The Spanish National Court of Justice announced Wednesday the trial of Brazilian forward Neymar. The player allegedly committed fraud in his transfer to the Barcelona Football Club, popularly known as Barça. In addition to the forward himself, his parents and two of the team presidents will face trial.
The magistrate set a joint bail at $3.65 million under the claim of financial responsibility for all parties involved. Brazilian investment fund DIS has accused Neymar, the Santos football club, and Barcelona of hiding money in the player’s transfer from 2013.
Normally, DIS would have received 40 percent of the transfer value. Barcelona FC paid about $18.6 million for the forward’s transfer. However, the Catalan club paid $43.8 million beforehand to the player’s company. Furthermore, Santos received close to $13 million in extra contracts at the moment of Neymar’s sale.
The teams claim the additional contracts actually corresponded to future transfers of Santos’ players. But DIS claims the clubs hid the money in order to avoid paying their full due. The investment firm has requested that the player serve five years in prison without the possibility of playing during that time.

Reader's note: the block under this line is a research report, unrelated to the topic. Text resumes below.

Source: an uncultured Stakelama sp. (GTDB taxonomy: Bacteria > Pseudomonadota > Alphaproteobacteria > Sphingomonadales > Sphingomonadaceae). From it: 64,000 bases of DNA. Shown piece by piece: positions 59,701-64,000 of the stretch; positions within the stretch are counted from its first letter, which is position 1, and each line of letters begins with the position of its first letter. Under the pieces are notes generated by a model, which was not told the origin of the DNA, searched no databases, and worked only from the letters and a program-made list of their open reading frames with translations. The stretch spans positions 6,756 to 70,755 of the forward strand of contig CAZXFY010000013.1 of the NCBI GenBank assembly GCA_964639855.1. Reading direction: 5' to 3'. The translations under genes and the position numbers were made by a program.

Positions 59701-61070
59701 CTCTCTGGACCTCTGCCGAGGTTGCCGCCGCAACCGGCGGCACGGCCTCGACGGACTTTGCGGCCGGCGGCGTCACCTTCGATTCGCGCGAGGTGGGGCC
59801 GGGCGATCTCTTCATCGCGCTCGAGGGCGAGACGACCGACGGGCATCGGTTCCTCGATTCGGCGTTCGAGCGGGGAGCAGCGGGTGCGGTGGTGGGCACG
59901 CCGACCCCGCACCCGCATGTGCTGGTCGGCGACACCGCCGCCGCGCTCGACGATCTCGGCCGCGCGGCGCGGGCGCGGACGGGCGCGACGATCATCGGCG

Meanwhile, the Spanish Prosecutor has suggested a two-year sentence as well as a $11 million fine. Although the DIS and public prosecutor’s cases are separate, they will be taken to trial together before the Spanish Court. The National Court maintains jurisdiction across the entire Spanish territory, handling cases of terrorism and organized crime.
The Brazilian forward claimed that he had no notion of the transfer’s financial details. Rather, Neymar has stated that he focuses on the football and leaves the logistics to his agent, his father, in whom he trusts blindly. Another player to use this defense was the Argentinian Leo Messi, who was condemned to 21 months in jail for fiscal crimes.
It’s not the first time Neymar has gotten into trouble for financial trickery. Back in March, Brazilian revenue authorities convicted him of tax fraud and made him pay a $52 million fine. In another case, a Brazilian court found him guilty of using dummy companies from 2012 to 2014. Once again, his parents controlled these companies. They used them to hide some of the money he received from Santos, Barça, and Nike.